By: Mohnish Singh
Banned, Pakistani film, Javed Iqbal: The Untold Story Of A Serial Killer, will receive its World Premiere as the Opening Gala at the 24th, UK Asian Film Festival – the world’s longest-running South Asian film festival outside India.
The ‘Dare To Dream’ theme of this year’s festival commemorates 75 years of India and Pakistan’s Independence. The curation will acknowledge personal and societal freedoms as well as address topical issues such as climate change and human resilience in the face of oppression through its programme of film screenings, premieres, live events, and industry panel discussions.
UK Asian Film Festival 2022, presented by Tongues on Fire, will run from 4th – 15th May in venues across London, Birmingham, Leicester, Coventry, Warwick, Bradford, Stockton, and Glasgow; and online via BFI Player and Modern Films. UKAFF is supported by the BFI awarding funds from the National Lottery and Arts Council England using funds from the National Lottery and the Department for Digital, Culture, Media, and Sport (DCMS). #HereforCulture.
Making a bold statement for freedom of artistic expression against censorship, the Opening Film will be the World Premiere of Javed Iqbal: The Untold Story Of A Serial Killer (Pakistan, 2022, Dir: Abu Aleeha, Language: Urdu and Punjabi with English subtitles) on Wednesday 4th May at BFI Southbank.
Currently banned in Pakistan, the film depicts the untold story of Lahore’s notorious serial killer, Javed Iqbal, who confessed to police and media that he had abducted, sexually abused, and murdered more than 100 boys in Lahore between 1998 and 1999. He was arrested and sentenced to death. But just two years into his sentence, he allegedly committed suicide in his prison cell. The authorities suspected his horrific crimes were part of a wider paedophile ring in operation.
Inspired by writer and director Abu Aleeha’s own novel, ‘Kukri’, the film provides a detailed analysis of Iqbal’s statements and his time in police remand. Without sensationalising the subject matter, the film delves into the psyche and character of Iqbal, at the same time depicting the seriousness and sensitivity of Lahore police during the investigation. A High Court case to get the film released is currently ongoing in Pakistan since the Punjab Government and the Central Bureau of Film Censors (CBFC) issued an order to halt its release earlier this year, despite initial censor board approval. Tragically, the issue of child sexual abuse is still a taboo subject in Pakistan, more so when men and young boys are involved. Director, Abu Aleeha; producer, Javed Ahmed Kakepoto; and actors Yasir Hussain and Ayesha Omar will introduce the film.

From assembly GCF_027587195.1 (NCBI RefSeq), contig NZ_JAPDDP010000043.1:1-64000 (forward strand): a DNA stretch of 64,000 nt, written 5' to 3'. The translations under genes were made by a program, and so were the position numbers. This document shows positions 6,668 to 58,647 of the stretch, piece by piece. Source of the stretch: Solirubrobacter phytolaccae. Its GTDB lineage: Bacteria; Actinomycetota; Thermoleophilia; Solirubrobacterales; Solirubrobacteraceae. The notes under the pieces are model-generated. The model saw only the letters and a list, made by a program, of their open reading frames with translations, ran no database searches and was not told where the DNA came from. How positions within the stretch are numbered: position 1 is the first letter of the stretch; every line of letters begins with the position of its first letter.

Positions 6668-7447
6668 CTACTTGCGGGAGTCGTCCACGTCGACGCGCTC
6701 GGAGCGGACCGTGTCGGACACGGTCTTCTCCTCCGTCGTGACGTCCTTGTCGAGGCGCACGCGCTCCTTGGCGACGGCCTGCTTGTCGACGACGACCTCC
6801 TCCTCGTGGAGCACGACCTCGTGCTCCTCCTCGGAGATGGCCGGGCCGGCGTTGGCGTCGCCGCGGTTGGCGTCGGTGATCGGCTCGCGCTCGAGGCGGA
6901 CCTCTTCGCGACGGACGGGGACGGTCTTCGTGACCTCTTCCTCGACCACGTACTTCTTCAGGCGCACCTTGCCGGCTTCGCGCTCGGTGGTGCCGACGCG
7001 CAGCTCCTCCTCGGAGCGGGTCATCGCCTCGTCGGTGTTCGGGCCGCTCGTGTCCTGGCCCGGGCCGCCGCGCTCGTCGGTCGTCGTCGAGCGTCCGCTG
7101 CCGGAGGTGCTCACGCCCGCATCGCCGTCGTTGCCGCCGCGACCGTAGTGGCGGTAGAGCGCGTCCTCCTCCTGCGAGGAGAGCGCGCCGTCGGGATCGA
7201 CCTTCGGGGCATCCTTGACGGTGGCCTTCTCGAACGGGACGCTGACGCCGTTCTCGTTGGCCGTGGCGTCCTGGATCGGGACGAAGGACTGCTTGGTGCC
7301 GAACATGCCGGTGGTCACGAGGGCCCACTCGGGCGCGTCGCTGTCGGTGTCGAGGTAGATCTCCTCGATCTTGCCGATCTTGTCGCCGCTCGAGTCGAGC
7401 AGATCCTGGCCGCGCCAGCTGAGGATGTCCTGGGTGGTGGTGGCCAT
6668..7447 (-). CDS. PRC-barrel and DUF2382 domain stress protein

In keeping with the festival’s historically feminist focus, the Closing Film will be the UK Premiere of Gangnam Girls (Bhutan, 2021, Dir: Charmi Nemchand Chheda, Language: Dzongkha with English subtitles) on Sunday 15th May at BFI Southbank. The film charts four, childhood friends who, though extremely different, grow up supporting each other’s dreams. While each undergoes personal challenges, their friendship helps them navigate a passage through their early years. A decade after a fallout that takes them their separate ways, the childhood friends reconnect over the course of a weekend. Reunited, the group must now confront their past differences. The film will be introduced by director, Charmi Nemchand Chheda, and producer, Nyema Zam.
UK Asian Film Festival Founder and Director, Dr Pushpinder Chowdhry MBE says, “We are looking forward to opening UKAFF 2022 with Javed Iqbal, a film that digs deep into the psyche of a serial killer and that highlights the importance of mental well-being. Abu Aleeha’s directorial tells a compelling, real-life horror story of a psychopath captured by a woman police officer, sensitively played by Ayesha Omar.
The importance of this film cannot be underestimated. It brings to light an issue – the abuse and mass murder of young boys – that is of the utmost importance and yet rarely discussed. It has always been far too convenient for South Asian societies to brush such issues under the carpet but only by creating safe spaces in which to confront these issues and their root causes can we begin to create the meaningful social change we need. In that way, we all owe a debt of gratitude to the creators of this film.”
UK Asian Film Festival Creative Director, Samir Bhamra says, “The festival’s theme this year, Dare to Dream, speaks to the challenges of our time. In this era of reckoning, we ask are people free to dream? 75 years after Indian and Pakistani Independence, telling taboo stories still comes at a price. Our opening film, Javed Iqbal: The Untold Story of a Serial Killer, was banned in Pakistan. Censorship remains a barrier that we support brave filmmakers to overcome. Our festival facilitates the conversations that we need, but are prohibited from having. Year on year, we fight to enable storytellers to dream freely. It is their intense, powerful, and thought-provoking films that allow our audience to see the world through new eyes and imagine a future where dreaming is no longer a risk.”